using my inside voice
October 25, 2009
Cuba, a land of contradictions, where hedonism lolls comfortably beside frugality. Where one scantily clad senorita scoffs a 500ml tub of ice-cream and another queues patiently at a ration store for her monthly quota of rice. Where dancing in the street on a Sunday afternoon is commonplace and begging for change in old Havana is a legitimate career move. This country is everything and nothing like I thought it would be. We drank mojitos and smoked cigars, but also learned a thing or two about what life is like for those that are living each day under a regime they call socialism.
Here is a round up of the good, the bad and the propaganda.
Yes, they really are as good as you hoped they would be. Sitting at El Patio, a restaurant in Habana Viejo (Old Havana), on a lazy afternoon, sipping mojitos and smoking cigars is really and truly all it's cracked up to be.
Not the traditional dance of Cuba, but catching a live performance unexpectedly on our last night was definitely a highlight. As they clapped and stamped their way through a few hours, and we drank and ate our way through a bottle of red and a delicious paella (chock full of prawns) it was hard to imagine wanting to be anywhere else.
Apparently Cuba has somewhere in the region of 16 brands of ice cream. And boy, do they know their stuff. It gave me some hope that if people are at least able to afford to eat ice cream most days of their lives then things couldn't be too terrible... right?
Having the opportunity to go inside an actual Cuban home is both eye-opening and heart warming. More so when you consider that any
house that is not a Casa Particular must apply for a permit from the government to welcome a foreigner inside (I guess we would start spreading too much capitalist propaganda and create dissent among the masses). Sure, they don't let you totally into their lives, but being somewhat of a voyeur was almost enough for me.
Imagine a McCain's microwave pizza. Now imagine a pizza with a quarter of the taste and toppings of a McCain's microwave pizza. Now imagine those measly toppings being a strange tasting cheese, and a sauce that may or may not be tomato-based, all you know is that it's red. There you have NATIONAL PIZZA. The apparent lunch choice of thousands of Cubans each day, and one of the cheapest options around, costing about 20c a slice.
National Hot Dog
National Hot Dog is the other apparent lunch option for Cubans everywhere. Whether it's meat is questionable, and the mustard is surely more water than anything else, but this daily staple will create a taste sensation unlike any other you have likely experienced to date (and I'm not sure that that's a good thing).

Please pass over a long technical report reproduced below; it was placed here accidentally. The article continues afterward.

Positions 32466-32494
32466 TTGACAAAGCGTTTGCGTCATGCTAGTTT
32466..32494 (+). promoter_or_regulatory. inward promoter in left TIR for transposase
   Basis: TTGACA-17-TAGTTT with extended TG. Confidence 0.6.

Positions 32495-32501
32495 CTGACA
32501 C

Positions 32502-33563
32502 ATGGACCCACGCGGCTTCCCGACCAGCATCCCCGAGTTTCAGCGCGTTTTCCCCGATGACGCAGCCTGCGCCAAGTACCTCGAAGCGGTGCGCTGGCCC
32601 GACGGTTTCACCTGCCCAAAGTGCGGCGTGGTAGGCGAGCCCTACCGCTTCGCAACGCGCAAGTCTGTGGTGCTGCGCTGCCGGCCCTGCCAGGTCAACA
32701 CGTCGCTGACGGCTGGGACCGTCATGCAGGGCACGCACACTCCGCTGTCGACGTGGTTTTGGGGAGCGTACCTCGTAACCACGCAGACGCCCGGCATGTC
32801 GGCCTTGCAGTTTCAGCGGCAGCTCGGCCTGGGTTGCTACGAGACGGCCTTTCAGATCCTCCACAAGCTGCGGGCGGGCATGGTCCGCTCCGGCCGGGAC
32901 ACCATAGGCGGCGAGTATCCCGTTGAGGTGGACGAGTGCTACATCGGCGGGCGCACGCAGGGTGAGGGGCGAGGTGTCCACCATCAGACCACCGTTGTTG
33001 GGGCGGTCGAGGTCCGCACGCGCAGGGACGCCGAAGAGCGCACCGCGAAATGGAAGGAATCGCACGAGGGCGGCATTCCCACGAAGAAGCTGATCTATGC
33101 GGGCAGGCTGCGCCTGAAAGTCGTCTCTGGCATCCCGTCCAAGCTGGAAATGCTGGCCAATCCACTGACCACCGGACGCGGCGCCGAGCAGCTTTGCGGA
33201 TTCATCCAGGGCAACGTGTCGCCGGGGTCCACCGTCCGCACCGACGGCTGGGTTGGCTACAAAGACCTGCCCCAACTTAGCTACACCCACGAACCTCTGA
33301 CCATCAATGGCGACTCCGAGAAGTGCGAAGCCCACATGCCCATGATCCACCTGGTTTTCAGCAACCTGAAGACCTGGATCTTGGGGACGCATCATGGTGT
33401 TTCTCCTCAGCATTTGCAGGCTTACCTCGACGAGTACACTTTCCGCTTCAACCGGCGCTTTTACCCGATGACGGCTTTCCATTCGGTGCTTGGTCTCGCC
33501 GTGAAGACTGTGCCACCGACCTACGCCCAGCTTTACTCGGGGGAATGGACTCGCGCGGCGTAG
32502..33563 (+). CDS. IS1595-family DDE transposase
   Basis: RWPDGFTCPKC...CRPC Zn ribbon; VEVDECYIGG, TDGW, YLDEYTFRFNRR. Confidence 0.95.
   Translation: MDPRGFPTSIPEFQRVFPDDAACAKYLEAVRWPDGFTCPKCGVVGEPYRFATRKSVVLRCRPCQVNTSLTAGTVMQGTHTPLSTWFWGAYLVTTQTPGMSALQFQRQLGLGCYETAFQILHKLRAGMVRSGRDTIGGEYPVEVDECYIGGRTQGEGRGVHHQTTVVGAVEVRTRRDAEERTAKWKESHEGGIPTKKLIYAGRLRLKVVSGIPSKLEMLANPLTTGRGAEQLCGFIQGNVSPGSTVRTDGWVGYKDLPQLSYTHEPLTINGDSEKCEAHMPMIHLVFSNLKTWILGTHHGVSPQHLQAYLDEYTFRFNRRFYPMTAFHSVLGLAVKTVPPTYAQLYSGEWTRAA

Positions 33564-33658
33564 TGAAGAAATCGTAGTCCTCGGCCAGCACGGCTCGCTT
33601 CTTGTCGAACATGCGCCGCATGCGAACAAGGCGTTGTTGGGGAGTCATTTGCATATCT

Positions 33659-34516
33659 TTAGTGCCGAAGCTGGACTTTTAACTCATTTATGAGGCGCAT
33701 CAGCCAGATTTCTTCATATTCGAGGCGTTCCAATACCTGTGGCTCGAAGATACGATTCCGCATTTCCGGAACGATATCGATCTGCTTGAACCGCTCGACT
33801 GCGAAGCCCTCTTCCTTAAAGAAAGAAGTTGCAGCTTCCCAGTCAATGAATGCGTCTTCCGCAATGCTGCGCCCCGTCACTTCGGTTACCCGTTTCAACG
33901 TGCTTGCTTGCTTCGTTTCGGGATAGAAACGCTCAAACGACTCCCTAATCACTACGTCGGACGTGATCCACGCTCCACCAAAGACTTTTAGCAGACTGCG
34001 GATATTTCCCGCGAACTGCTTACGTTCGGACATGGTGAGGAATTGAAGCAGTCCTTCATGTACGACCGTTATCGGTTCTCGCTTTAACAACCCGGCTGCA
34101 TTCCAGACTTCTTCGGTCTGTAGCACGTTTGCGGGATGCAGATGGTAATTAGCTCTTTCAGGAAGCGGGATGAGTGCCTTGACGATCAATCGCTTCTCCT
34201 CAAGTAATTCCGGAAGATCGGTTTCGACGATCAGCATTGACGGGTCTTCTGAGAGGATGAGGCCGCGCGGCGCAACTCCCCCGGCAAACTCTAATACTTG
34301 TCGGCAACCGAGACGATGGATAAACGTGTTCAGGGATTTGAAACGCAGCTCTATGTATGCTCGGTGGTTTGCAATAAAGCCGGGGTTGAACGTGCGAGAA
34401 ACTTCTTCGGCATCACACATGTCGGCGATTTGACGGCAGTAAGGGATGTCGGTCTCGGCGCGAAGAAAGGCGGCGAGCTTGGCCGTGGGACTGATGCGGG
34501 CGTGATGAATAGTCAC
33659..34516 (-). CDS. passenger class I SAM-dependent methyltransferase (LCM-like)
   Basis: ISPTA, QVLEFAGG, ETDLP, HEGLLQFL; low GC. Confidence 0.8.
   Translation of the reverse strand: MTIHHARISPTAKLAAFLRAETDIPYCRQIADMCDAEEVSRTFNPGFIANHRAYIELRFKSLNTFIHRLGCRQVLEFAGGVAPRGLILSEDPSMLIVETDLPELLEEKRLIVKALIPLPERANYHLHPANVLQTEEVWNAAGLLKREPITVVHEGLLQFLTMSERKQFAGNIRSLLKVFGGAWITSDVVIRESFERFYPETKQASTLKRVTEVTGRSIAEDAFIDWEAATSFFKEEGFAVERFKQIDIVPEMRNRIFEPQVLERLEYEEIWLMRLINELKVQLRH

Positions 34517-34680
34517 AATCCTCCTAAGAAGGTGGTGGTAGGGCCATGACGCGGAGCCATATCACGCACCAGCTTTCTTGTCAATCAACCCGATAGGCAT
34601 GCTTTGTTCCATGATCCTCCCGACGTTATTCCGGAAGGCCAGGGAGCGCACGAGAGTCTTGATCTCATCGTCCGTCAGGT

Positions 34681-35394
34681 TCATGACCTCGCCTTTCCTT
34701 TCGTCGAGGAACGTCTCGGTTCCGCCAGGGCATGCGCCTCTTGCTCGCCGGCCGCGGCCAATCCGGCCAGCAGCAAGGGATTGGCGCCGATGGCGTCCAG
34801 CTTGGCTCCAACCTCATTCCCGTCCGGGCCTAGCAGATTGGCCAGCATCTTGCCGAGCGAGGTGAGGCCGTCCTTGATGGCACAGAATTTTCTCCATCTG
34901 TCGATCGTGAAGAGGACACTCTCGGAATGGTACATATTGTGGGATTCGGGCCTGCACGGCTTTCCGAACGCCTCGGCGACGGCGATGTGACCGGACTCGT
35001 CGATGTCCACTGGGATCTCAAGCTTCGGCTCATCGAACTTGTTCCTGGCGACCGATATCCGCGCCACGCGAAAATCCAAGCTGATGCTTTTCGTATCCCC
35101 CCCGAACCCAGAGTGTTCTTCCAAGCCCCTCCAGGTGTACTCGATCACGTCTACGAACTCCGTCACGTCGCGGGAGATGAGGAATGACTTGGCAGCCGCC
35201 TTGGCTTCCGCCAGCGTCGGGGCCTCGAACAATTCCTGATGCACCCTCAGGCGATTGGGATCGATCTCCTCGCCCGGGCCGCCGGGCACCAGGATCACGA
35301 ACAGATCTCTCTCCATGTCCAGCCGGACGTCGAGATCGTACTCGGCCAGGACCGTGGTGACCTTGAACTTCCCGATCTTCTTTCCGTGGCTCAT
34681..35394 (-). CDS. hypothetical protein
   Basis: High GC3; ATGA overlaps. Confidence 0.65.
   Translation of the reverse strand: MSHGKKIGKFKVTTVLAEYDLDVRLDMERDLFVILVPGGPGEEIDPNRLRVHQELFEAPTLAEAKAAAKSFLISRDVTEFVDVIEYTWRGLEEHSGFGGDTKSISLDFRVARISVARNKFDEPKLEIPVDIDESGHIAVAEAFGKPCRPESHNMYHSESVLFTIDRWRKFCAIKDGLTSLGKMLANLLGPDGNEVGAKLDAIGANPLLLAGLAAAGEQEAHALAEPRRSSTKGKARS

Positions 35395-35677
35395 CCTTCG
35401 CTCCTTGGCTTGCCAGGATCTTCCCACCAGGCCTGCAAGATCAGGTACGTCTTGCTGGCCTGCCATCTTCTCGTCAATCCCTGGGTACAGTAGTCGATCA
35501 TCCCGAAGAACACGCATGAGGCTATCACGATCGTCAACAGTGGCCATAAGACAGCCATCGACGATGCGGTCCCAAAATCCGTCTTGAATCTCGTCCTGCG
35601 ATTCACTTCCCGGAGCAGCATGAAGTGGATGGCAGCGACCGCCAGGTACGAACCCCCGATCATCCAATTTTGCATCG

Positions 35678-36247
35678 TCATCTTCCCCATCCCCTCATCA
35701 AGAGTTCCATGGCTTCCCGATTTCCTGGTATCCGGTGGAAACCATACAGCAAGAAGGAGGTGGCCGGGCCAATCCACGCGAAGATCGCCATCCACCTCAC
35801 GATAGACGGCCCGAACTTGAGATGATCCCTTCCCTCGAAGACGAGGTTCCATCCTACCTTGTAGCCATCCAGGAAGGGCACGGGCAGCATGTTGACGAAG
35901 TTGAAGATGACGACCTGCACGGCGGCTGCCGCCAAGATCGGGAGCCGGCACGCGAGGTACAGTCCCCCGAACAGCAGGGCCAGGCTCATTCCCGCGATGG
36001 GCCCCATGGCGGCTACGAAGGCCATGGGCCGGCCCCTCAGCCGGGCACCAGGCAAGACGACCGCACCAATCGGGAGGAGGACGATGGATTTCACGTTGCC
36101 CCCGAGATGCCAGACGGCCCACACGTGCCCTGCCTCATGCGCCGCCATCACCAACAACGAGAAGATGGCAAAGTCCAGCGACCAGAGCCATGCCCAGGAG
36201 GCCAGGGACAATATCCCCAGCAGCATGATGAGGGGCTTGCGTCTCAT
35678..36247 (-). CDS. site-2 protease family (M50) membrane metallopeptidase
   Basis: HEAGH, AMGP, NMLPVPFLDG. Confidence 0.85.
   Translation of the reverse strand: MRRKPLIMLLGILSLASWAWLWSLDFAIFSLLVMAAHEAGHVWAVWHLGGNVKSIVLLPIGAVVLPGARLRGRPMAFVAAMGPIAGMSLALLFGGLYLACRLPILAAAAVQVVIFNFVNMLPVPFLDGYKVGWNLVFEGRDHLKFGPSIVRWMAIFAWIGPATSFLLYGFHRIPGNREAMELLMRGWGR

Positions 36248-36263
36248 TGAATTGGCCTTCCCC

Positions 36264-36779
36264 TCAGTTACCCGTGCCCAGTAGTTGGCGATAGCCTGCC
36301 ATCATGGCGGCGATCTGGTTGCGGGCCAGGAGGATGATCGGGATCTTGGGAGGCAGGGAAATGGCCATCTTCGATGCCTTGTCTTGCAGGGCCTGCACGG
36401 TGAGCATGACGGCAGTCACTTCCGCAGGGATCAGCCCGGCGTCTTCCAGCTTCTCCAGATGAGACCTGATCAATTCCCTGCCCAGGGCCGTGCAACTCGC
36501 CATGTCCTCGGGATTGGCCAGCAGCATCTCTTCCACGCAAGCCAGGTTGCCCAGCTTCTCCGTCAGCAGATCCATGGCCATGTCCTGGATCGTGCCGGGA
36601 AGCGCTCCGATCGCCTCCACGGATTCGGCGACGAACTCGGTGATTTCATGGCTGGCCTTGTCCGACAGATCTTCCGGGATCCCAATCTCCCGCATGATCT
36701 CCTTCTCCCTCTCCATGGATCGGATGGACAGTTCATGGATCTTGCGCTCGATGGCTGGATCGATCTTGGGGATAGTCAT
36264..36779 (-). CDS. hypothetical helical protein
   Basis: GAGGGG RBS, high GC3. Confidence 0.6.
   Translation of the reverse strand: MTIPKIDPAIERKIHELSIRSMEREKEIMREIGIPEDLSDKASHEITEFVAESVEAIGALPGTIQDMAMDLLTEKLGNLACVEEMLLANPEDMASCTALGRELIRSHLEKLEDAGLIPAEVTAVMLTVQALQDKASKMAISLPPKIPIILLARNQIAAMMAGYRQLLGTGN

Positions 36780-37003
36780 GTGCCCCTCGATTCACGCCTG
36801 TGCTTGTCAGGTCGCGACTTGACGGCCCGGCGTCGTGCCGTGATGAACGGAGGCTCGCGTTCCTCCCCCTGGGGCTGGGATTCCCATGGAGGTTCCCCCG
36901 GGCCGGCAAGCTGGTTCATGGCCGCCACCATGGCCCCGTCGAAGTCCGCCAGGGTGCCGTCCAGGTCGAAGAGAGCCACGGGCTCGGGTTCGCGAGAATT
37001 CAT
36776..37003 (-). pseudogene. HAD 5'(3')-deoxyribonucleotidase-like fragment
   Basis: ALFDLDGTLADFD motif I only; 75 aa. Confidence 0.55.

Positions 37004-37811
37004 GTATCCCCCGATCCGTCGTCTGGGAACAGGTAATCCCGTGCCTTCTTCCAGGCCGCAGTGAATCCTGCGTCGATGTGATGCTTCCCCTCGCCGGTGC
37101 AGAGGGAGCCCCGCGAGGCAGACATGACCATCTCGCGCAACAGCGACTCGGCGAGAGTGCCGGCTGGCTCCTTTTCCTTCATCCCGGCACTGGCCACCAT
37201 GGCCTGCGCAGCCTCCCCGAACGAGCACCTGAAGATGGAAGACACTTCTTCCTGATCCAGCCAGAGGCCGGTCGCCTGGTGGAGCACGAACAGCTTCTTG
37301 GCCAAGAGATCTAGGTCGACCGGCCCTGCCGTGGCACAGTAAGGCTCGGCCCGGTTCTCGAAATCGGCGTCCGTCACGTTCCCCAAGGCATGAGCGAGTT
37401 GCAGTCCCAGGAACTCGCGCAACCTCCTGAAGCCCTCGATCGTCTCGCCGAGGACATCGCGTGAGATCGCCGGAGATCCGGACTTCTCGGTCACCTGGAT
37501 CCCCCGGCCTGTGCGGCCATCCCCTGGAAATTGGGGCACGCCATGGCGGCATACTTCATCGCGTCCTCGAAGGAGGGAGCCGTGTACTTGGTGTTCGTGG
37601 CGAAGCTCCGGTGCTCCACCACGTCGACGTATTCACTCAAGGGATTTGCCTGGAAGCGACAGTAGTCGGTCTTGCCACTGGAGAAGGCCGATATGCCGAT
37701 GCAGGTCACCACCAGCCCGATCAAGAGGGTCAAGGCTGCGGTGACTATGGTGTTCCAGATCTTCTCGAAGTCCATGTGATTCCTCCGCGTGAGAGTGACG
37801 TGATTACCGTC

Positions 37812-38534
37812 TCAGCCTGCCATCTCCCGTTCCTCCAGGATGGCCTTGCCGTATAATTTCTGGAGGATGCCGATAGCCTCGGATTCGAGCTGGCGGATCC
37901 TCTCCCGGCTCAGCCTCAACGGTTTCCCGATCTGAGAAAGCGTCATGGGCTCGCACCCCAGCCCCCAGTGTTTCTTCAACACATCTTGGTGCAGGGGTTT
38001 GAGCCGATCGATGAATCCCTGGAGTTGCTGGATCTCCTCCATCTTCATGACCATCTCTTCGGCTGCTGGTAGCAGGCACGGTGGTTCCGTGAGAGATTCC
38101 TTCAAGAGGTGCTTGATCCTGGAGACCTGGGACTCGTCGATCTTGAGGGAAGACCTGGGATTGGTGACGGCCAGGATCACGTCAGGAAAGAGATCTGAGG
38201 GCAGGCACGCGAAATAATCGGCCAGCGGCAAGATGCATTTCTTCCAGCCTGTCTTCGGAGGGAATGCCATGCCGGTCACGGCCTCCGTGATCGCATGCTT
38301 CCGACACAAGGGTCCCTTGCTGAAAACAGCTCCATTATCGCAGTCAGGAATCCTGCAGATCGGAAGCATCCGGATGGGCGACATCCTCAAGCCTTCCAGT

As I said, begging in the streets of Habana Viejo is a legitimate career move in Cuba, with many successful entrepreneurs making more money per month than a doctor.
There are also other lucrative street careers such a singing, performing, and drawing sketches of tourists.
As Luke and I were enjoying what I would probably class as National Pasta, we noticed a gentleman with a clipboard and an intent expression sketching earnestly away for a good ten minutes, with surreptitious glances at Luke every few seconds. We knew we were about to be harassed for some money to pay for the unwanted sketch, but as I thought about it, I figured that if it was a good drawing it would probably be a nice reminder of our lunch in the shade of a giant poisianna tree. When finally the drawing was laid ceremoniously on the table in front of us I had trouble keeping my scoff from escaping and wounding this would-be-artist's pride. The drawing was laughable, something even my 10-year-old niece would not be proud to hang on the fridge door.
Luke's dreadlocks had been turned into spiraling scribbles and were the only consolation to his actual appearance, the pencil was pushed so hard onto the paper I'd imagine it would have been possible to shade over the sheet below and get a negative of the original, and the face could have been that of any old joe in the street.
Sadly we had to decline payment. My guilt didn't last long however, as I saw him wander immediately to another unsuspecting diner.
Yes avid reader, you are correct, this was also listed in The Good list, but staying at a Casa did have its downsides. As you may gave guessed from my listings about National Pizza and National Hot Dog, dining in Cuba isn't always the highlight of a trip to the Caribbean Island. But, somehow, Casas manage to source amazing food from somewhere, and we dined on Lobster not one, not two, but four times during our stay.
However, there is sometimes quite an intense amount of pressure to take up the owner's kindly offered breakfast and dinner services as they try and squeeze as many tourist dollars as possible from their foreign guests. So, we ate at the Casas a lot, especially for breakfast.